Its all a slightly moot point anyway as from this year, its believed that over-run type brakes will become illegal on any "trailers" that do not have the axle or axles mounted centrally, which will obviously include towed cars.

Many years ago, It was my job to service, repair, modify and build camper vans, caravans, trailers, horse boxes and various other towed vehicles.
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I think Dave posting was very reasoned, if there isnt a definitive reference to be found then it depends really if you are a black and white person or a grey area Chancer [:D]

If you are black and white then its a no go for all of the reasons that Dave has cited.

If you dont mind chancing your arm on it being a grey area, wont think its the end of the world to fork out a few Euros just so the uninformed G-man can save face then you go for it,  clearly Dave is in the latter camp.

Dave when you use your A-frame do you use the braking system or at least make a pretense of doing so?

I used one once that had two braked wheels and a pair of  flat beds that the towed vehicles front wheels were strapped to, it had over-run brakes but only on the trailer wheels of course and it had an Ackerman steering system so it towed and tracked really well, reversing was still the expected abortion though.

I still have my lightweight home made A frame that I used for all my Westfields and Caterham 7's, I have seen stronger handles on lawnmowers but its horses for courses, I got stopped with it once on a public decency charge, for a laugh I had borrowed (honestly [:P]) a blow up doll and dressed it in Anne Summers gear strapped it in the drivers seat with the 4 point harnesses and tied the hands to the steering wheel, what a laugh that journey was, if you'r up for it Dave then give it a try one day Dave, you wont regret it [:)]

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I dont use the braking system that often, to be honest. Its a big, heavy bowden cable that is fed through the drivers window and there is a frame that straps to the drivers seat with an arm that is strapped to the brake pedal. The problem is that there is too much give in the padding of most car seats so it doesnt press hard enough on the pedal to be effective, especially after the first two or three presses and there is no vacuum left in the servo for assistance.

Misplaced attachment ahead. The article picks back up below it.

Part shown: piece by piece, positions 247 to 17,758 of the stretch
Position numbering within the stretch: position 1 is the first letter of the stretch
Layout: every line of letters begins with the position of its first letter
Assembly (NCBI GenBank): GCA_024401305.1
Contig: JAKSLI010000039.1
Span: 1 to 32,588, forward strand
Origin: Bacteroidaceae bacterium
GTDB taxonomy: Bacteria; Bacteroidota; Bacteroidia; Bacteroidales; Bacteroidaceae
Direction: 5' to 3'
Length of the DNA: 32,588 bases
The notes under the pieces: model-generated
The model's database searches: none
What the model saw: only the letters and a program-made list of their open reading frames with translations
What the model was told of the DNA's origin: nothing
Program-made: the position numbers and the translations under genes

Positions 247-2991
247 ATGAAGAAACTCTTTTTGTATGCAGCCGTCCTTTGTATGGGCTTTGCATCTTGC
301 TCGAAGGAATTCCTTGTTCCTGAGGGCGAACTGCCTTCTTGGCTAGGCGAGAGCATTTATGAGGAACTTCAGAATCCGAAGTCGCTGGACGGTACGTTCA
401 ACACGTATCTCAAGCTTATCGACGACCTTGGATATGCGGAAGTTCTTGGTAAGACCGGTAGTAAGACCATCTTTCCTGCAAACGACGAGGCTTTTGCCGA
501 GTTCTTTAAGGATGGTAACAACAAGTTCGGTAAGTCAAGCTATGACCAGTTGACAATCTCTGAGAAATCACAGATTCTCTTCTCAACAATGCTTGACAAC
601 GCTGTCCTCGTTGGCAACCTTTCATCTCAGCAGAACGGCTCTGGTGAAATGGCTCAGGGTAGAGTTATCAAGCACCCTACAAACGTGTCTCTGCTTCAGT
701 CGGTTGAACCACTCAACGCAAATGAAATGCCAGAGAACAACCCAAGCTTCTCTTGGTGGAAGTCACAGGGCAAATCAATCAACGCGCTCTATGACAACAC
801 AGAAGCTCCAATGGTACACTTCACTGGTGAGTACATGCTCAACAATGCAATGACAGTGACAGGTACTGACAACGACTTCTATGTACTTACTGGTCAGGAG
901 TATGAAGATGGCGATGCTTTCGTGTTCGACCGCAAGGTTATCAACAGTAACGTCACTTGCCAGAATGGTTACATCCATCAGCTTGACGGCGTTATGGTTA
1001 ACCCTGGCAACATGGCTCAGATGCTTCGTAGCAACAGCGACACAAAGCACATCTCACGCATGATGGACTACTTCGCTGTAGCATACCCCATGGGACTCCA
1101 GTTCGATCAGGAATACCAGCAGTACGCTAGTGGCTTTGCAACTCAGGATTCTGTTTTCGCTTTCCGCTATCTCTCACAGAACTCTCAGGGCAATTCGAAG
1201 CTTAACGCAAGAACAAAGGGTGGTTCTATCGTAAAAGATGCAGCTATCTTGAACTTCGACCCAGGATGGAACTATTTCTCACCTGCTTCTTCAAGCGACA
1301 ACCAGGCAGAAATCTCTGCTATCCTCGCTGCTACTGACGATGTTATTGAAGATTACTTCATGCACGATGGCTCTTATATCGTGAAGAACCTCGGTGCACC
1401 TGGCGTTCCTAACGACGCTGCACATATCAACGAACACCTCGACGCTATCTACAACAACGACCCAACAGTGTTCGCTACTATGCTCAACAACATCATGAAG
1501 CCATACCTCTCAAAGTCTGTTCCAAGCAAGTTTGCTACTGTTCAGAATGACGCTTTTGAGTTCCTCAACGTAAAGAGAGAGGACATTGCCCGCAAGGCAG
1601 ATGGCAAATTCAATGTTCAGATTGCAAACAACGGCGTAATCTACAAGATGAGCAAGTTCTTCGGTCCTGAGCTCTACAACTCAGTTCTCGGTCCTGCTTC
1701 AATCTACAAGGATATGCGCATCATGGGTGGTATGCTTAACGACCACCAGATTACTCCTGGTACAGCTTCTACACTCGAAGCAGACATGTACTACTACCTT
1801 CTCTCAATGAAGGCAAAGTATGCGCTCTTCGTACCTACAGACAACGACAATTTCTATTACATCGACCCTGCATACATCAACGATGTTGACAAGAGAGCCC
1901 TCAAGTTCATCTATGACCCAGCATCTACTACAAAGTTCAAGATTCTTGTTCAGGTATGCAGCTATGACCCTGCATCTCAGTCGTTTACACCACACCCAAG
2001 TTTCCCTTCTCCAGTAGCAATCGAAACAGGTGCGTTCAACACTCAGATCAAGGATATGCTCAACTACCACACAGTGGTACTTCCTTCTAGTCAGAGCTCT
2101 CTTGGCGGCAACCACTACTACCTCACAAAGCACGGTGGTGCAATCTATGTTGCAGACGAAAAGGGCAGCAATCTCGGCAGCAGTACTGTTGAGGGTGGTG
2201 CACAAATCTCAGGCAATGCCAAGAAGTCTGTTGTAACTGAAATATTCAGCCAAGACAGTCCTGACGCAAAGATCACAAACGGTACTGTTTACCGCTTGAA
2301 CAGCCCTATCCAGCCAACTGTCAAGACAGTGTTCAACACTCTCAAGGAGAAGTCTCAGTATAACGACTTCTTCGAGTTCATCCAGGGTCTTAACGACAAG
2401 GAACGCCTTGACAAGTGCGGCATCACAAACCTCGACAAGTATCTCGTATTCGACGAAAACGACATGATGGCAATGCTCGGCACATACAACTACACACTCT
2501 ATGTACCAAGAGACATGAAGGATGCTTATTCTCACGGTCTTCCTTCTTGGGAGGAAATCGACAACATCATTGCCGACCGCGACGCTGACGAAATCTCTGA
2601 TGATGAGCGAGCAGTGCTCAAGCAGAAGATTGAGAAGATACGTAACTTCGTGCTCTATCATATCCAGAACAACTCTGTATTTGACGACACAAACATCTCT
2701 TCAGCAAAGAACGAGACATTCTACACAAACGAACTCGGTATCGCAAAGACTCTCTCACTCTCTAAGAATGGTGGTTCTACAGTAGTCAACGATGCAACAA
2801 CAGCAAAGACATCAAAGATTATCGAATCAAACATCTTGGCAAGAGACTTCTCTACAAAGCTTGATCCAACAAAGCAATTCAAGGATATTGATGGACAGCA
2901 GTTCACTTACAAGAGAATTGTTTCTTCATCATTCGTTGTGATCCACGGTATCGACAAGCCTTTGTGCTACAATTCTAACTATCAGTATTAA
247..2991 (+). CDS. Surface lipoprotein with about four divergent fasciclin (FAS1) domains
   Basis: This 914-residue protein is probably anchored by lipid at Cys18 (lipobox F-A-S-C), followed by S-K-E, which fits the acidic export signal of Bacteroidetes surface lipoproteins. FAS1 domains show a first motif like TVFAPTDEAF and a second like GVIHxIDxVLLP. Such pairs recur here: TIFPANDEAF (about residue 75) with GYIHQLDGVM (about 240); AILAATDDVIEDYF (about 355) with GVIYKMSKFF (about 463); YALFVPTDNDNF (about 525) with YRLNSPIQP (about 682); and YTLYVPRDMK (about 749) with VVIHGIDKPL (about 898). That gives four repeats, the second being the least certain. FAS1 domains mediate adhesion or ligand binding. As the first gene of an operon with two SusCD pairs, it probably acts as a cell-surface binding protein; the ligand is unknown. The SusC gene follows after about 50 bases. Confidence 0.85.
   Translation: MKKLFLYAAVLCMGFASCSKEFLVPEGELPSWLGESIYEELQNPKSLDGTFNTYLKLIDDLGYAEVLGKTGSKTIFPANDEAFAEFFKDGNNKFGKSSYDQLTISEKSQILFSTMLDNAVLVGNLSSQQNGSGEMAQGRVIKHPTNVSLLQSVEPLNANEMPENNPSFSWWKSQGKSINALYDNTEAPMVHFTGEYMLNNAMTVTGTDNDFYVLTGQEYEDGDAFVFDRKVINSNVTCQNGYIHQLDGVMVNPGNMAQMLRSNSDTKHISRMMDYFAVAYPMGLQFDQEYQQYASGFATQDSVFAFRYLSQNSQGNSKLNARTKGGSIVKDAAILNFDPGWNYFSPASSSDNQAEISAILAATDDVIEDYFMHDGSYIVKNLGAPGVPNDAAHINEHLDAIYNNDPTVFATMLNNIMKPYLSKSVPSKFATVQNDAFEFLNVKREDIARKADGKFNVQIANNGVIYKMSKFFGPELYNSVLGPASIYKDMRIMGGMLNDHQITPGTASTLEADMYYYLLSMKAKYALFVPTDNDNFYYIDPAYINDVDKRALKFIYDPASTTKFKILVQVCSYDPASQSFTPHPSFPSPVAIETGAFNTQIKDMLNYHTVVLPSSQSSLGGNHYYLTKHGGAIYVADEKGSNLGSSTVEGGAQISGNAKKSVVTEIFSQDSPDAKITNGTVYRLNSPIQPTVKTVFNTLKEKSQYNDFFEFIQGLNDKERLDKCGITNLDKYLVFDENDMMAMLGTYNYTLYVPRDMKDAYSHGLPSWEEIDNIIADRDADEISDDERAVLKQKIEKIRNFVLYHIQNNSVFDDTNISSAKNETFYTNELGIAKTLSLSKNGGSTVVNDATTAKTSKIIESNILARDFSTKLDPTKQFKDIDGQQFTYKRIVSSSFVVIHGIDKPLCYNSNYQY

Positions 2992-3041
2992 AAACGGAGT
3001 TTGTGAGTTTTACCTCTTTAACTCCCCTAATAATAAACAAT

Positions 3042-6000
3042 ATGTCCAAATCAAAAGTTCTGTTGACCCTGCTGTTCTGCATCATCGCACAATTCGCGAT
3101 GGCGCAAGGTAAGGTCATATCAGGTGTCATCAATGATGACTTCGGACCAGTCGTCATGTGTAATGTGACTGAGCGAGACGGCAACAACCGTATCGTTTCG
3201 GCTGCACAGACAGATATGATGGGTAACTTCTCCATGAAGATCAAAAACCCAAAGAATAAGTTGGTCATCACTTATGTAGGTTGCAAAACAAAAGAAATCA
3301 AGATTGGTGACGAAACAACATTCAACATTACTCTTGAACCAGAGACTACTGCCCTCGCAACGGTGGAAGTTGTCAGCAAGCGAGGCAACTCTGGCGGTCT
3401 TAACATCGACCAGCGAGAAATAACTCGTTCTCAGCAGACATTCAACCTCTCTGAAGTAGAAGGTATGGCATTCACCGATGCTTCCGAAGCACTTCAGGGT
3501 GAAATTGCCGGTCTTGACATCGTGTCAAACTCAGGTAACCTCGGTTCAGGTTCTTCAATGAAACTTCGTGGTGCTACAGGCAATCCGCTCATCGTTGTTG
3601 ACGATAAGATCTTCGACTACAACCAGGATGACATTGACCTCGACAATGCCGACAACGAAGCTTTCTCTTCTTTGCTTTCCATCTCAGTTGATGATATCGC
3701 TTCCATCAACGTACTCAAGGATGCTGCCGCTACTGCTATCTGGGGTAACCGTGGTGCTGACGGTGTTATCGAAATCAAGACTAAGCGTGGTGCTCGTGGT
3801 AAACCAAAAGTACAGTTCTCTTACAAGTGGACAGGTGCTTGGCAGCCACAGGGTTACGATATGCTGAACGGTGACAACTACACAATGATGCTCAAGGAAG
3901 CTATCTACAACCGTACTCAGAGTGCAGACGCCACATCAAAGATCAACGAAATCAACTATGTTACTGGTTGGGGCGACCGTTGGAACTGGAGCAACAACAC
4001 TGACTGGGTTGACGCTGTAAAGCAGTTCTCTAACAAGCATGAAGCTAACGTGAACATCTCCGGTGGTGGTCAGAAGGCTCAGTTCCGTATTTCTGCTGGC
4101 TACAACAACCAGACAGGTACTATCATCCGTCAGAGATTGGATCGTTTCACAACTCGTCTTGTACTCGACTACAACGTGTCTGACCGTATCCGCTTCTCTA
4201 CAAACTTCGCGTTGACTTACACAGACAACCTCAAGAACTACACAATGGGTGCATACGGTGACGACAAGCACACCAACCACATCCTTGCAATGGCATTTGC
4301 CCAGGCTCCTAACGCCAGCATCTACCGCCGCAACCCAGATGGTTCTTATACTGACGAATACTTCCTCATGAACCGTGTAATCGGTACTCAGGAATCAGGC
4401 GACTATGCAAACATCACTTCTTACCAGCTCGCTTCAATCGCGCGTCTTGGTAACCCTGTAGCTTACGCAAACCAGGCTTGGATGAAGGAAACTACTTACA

Besides, I mostly only use the frame for local-ish stuff, so no real point in hooking it up - its a bit of a faff to get it strapped in and adjusted.

Yeah, reversing is always fun - you can just about get away with a dead-straight reverse for a short distance, but nothing more. Back in my bangernomics days, I had a 405 estate and bought its replacement - a 406 estate (vastly inferior car as it turned out) from auction. When towing it home I was cut up badly on a roundabout and had to brake hard. The towed car pushed the rear of the tow car way out wide and I ended up jack-knifed with the front wheels up on the roundabout with the rest completely blocking it. The Haudagain Roundabout in Aberdeen, if anyone knows it, at rush hour.. I was alone and unable to reverse so had to unhook the lot and shift the cars one at a time......I got mentioned on Radio 2's traffic news over that one, but fortunately was gone by the time the police got there!

Its a real shame that they are frowned upon, as A-frames tow beautifully. For going any long distance, and all other (legal) things being equal, I would much rather a-frame a car than have it on a trailer. It stays stable at all speeds with no risk of snaking.

Not so great for automatic gearboxes though!

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Yes, it is a very relaxing tow, more so than any trailer.

That is until your lightweight A-frame decides to tell you on the M11 100 miles from home, that you really should have used more cross bracing, I lashed it back together with a ratchet strap and the remainder of my journey was the most stressfull ever.

I once took what was left of the front wheels off a accident damaged Westfield V8, I bolted a tow hitch to the fron of the chassis and hooked it up to my tow car, that towed exceedingly well.

Another very stable tow, I found the remains of an agricultural trailer that had been built around a really old type caravan chassis, one rigidly mounted unbraked solid axle right at the rear and a 2" coupling that was broken so it was only the weight, and there was a lot of it that held it on to my tow ball, it towed like a dream back to my workshop where I converted it to this beasty :


Its a very short, very light tiltbed trailer with a pair of tiny beaver tail ramps at the rear, the tiltbed is actioned by an old side lift car jack.

Editted, tilting drawbar would be a better description.

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My first 7 was a pre-lit Westfield 7 bought as a partial kit from the factory in 1987, I knew they were being prosecuted so bought only the parts that would have impossible to source afterwards, body, chassis, suspension screen etc.

Had it for 12 years when I bought a written off Zetec conversion Caterham, it broke my heart to sell the Westfield but it was a step in the right direction and its always good to sever links with the past.

Went on to get through another couple of Caterhams which I converted to motorcycle engines and raced in endurance races, I also bought repaired/did up and sold a couple of Westfields over the years.

I still have my last Caterham Blackbird and the Lotus Elan in the photo, I have not sat in or driven a 7 for 10 whole years, before it was an everyday occurrence, I would get withdrawal symptoms after a couple of days.

The good news is as and when I do get back behind the wheel I no longer will have to squeeze myself in [:D]

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I had an SE with the fairly usual Kent 1700cc engine. We came to France on holiday in 1995 in it. It's about as close as you can get to a motorcycle on 4 wheels! Great fun.